08/20/2013 08:11 am ET Updated Oct 20, 2013

Why Medical Organization Politics Matter, Even When It's Hard to Tell the Revolutionaries from the Counter-Revolutionaries

Social media allows for interesting exchanges, but one of the more quirky ones I've encountered recently occurred in the comments section of the online drawing game Draw Something. I sometimes ignore my gamely duties for extended periods, and after a recent return, a draw-mate asked where I'd been. When I sent along my drawing of an anteater or something for her to identify, I noted in the comments section that I've been busy with efforts to help many of my PA colleagues nudge my professional organization back on track after some recent semi-Stalinist divergences by organization leadership. After she easily identified the anteater and sent along her drawing of a stagecoach for me to identify, she included this in the comment section: "good luck with the revolution!"

Social media allows us to do many things, but this seemed pretty amazing: communicating with an old friend who I have seen maybe twice in the last 25 years, and most recently at least a decade ago; creating fun and (at least in my case) childish drawings for each other to guess; sending along the occasional comment with the drawing; and having the he comment almost knock me out of my chair with its richness and provocation of my organizational pondering.

My organization is the American Academy of Physician Assistants (AAPA). You probably know about Physician Assistants (PAs) know that we are kin to nurse practitioners, that we practice medicine in concert with MDs, that we've been around for about 50 years as a profession, and that we exist to fill the gaps in service to often underserved populations. I've been a PA (Physician Assistant) since 2000, and in my ongoing life-role as an "affiliator" (previously known as "joiner"), I've been involved in lower-level AAPA volunteer leadership since around 2002. I know that many colleagues, maybe most, find the notion of professional organizational politics to be B-O-R-I-N-G. It was the same for me in junior high and high school, when I was always interested in student council and sometimes obscure modes of student leadership. As a student at a western university long, long ago, I won election to what was called the Incidental Fee Committee. It's hard to imagine a more somnolence-inducing title for a committee than that, and some of my friends at that time thought I was pretty lame for caring about something called the Incidental Fee Committee. While they were smoking pot, taking LSD, streaking, and doing nude yoga, I was running for some unheard-off student office.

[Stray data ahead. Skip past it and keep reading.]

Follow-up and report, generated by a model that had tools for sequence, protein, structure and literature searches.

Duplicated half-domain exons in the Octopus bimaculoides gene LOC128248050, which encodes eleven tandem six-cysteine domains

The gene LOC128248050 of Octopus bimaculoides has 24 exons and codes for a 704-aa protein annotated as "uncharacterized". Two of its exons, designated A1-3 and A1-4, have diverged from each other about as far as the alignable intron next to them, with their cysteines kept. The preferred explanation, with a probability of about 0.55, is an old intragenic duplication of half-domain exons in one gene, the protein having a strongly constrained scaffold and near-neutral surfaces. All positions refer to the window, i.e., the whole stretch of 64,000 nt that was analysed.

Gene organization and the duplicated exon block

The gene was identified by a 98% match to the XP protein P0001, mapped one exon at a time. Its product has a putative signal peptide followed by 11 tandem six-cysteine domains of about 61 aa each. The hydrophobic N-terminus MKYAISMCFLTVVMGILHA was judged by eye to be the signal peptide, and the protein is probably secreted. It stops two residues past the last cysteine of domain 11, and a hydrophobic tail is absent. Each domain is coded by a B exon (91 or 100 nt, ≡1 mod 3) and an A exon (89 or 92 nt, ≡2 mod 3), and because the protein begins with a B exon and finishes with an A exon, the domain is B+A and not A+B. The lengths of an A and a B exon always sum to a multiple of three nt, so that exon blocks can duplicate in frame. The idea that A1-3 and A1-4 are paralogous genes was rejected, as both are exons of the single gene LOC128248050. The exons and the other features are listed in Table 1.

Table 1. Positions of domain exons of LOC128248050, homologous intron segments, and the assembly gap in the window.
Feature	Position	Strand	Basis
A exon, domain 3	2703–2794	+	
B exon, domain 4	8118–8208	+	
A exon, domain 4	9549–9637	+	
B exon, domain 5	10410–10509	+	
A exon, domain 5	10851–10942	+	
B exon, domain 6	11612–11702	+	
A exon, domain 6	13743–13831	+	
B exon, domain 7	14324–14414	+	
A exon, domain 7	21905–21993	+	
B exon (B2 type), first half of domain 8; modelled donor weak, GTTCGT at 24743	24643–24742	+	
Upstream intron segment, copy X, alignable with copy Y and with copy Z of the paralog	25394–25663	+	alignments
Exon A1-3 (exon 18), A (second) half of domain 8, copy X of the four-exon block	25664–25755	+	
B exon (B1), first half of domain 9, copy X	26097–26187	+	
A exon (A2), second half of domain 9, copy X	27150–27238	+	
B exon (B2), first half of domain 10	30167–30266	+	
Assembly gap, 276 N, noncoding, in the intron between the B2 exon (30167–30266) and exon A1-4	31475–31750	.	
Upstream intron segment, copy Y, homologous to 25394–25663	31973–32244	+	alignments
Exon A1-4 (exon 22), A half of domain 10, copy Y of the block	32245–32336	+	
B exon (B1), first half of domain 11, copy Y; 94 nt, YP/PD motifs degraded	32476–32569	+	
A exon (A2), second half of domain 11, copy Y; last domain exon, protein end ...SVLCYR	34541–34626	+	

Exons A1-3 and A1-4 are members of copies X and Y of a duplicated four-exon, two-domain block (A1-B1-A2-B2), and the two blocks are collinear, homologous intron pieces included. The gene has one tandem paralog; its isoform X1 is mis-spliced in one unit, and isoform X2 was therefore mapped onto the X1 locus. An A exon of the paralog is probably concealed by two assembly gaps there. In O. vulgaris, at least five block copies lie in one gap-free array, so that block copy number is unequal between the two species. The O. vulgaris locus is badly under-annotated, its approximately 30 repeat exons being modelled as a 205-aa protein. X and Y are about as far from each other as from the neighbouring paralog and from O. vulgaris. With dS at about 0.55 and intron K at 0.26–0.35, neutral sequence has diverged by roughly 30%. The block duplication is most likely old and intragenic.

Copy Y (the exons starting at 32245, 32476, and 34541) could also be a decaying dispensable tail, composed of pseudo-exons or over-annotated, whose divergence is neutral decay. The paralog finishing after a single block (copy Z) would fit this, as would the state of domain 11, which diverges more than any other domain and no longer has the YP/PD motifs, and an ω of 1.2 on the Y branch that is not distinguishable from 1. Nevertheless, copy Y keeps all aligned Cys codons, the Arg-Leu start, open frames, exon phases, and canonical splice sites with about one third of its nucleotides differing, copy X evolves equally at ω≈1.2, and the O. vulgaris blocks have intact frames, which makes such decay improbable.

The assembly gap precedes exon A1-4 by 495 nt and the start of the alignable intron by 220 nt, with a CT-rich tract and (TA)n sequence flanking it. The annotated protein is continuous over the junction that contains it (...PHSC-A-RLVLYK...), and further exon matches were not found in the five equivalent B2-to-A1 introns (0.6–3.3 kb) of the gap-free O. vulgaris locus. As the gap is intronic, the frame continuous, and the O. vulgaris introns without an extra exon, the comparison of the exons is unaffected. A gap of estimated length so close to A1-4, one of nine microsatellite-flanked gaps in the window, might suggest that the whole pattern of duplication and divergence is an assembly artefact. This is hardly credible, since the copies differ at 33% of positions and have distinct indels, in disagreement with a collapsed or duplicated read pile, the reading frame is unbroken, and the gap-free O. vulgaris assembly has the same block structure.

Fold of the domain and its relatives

But what I think they missed, and what somehow, by nook or by crook, I saw, was that this group controlled over a million dollars of money paid by students as part of their tuition and fees, and that the IFC could make very key decisions about student funding, and about which student groups would receive potentially thousands of dollars in funding. It was a powerful position with far-reaching power to impact student's lives, and even to impact the local community via the community-based actions of some of the student groups asking for funding.